The E.321 was an evolution and improvement of the previous FS Class E.320. Seventeen units were built by Officine Meccaniche (OM) of Milan, with electrical equipment by Tecnomasio Italiano-Brown-Boveri (TIBB), from 1923 to haul heavy passenger trains on the electrified line of the Milan - Varese - Porto Ceresio railway and for use on the so-called "subway" of Naples.
The locomotive consisted of a single central box, following the typical design of the time, with cabs and control desks at each end. This was mounted on a rigid frame carried on three coupled axles with 1,500 mm driving wheels and a carrying axle on the typical Italian Zara bogie at each end. The wheel arrangement was 1ʹC1ʹ. The electrical equipment was contained in the central body. Two direct current (DC) traction motors provided a total power of 1,450 kilowatts (1,940 hp) and the locomotive could reach a maximum speed of 95 km/h.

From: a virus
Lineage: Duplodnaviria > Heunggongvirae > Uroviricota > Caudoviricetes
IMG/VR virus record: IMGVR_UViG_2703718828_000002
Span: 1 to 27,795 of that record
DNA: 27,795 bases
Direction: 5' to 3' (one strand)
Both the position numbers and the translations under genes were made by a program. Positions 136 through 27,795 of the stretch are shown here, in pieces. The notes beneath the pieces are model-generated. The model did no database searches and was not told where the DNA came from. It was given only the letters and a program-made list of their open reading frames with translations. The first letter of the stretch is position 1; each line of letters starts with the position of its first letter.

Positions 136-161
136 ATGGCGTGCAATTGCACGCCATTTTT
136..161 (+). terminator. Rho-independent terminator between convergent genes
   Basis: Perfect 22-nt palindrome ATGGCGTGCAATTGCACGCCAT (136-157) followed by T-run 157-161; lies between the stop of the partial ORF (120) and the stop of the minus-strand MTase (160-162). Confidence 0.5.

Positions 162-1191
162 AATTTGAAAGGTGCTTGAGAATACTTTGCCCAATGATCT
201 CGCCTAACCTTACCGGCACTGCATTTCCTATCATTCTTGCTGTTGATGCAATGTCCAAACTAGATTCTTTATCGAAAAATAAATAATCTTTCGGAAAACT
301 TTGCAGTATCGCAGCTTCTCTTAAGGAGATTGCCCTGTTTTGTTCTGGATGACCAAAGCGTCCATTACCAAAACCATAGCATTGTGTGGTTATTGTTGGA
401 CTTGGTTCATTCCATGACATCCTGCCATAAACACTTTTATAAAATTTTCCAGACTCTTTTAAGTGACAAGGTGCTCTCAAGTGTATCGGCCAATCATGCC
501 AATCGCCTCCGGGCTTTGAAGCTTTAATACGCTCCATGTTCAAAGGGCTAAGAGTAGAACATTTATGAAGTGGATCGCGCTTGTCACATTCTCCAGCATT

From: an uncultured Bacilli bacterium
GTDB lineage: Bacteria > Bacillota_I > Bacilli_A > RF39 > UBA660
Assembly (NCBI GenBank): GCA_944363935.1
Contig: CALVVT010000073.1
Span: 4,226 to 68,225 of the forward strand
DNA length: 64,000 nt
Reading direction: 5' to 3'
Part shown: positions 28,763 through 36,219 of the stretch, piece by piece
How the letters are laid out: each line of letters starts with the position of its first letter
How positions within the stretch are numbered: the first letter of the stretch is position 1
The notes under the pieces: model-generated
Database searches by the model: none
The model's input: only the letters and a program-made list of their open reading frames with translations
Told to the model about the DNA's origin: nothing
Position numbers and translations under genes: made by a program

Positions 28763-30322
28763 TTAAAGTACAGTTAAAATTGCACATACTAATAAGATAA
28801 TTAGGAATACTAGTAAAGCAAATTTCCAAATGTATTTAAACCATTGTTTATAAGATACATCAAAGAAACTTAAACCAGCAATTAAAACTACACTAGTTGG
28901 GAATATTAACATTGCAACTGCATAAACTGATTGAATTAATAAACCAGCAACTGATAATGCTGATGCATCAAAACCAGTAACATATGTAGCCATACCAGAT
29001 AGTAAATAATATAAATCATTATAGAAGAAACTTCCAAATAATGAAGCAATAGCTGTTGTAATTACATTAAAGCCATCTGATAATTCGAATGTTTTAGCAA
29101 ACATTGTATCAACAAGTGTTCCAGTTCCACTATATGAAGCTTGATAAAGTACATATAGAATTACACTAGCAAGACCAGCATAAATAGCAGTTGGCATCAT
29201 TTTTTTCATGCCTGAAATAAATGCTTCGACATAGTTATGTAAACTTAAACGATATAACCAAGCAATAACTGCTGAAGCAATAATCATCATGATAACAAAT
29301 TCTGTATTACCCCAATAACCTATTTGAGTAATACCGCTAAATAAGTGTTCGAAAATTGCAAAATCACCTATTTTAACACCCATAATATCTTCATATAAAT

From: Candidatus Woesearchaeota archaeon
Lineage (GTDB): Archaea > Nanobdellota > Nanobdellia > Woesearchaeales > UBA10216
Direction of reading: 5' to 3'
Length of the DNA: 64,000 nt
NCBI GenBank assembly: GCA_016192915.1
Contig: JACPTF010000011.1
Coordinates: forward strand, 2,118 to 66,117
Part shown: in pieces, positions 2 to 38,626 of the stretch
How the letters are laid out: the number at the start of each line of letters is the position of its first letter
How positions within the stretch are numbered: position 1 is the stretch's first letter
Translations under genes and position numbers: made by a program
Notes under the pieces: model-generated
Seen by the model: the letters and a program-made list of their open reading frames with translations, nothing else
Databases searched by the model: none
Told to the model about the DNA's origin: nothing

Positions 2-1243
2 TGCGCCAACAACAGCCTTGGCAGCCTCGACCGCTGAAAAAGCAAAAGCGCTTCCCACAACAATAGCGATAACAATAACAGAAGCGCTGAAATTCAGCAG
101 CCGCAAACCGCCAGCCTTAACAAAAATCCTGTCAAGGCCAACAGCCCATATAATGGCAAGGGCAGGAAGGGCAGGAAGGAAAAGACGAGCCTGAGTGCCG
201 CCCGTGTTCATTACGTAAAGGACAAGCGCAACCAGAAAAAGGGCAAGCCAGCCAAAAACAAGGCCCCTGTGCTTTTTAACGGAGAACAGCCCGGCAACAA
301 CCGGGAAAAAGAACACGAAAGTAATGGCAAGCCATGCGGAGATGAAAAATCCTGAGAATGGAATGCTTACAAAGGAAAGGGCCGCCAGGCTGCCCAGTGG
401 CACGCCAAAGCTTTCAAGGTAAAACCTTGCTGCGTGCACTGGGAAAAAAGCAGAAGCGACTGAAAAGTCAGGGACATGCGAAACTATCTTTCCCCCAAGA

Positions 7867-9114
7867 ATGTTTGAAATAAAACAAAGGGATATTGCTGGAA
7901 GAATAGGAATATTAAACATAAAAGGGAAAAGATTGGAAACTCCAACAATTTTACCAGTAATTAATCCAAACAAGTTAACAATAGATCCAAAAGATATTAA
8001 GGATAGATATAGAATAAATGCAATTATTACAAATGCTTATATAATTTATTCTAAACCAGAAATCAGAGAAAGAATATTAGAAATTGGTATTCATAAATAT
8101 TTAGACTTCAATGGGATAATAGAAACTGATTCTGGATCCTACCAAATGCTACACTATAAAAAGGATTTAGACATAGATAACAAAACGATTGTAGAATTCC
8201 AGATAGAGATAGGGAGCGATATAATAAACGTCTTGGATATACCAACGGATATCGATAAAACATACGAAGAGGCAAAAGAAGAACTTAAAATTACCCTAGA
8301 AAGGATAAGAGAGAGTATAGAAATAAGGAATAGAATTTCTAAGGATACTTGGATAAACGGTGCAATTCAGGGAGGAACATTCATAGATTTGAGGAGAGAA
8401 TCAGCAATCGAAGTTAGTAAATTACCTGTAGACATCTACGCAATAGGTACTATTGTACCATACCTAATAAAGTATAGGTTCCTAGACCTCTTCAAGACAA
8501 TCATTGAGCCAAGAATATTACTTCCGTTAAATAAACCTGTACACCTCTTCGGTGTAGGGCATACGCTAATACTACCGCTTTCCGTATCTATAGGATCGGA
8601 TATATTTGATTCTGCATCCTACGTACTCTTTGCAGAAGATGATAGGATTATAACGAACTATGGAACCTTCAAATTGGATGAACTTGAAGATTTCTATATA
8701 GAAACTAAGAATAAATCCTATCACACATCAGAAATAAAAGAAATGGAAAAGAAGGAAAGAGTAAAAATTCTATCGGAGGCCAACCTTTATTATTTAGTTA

The design was almost the same as the E.320, but addressed the fragility of the E.320's mechanical rod transmission. The two motors, of similar but slightly lower power rating, were now set lower in the frame. This allowed the previous arrangement of steeply inclined coupling rods to intermediate jackshafts to be replaced by a lighter triangular rod on each side, similar to that used on the Italian three-phase locomotives, and no longer needing the jackshafts. The total weight of the locomotive in working order was 69 tonnes, of which 48 tonnes was adhesive. This was nearly three tonnes lighter than the E.320 and yet there was nearly a ton more adhesive weight.
They were painted in the typical khaki brown Castano-Isabella livery of Italian electric locomotives.
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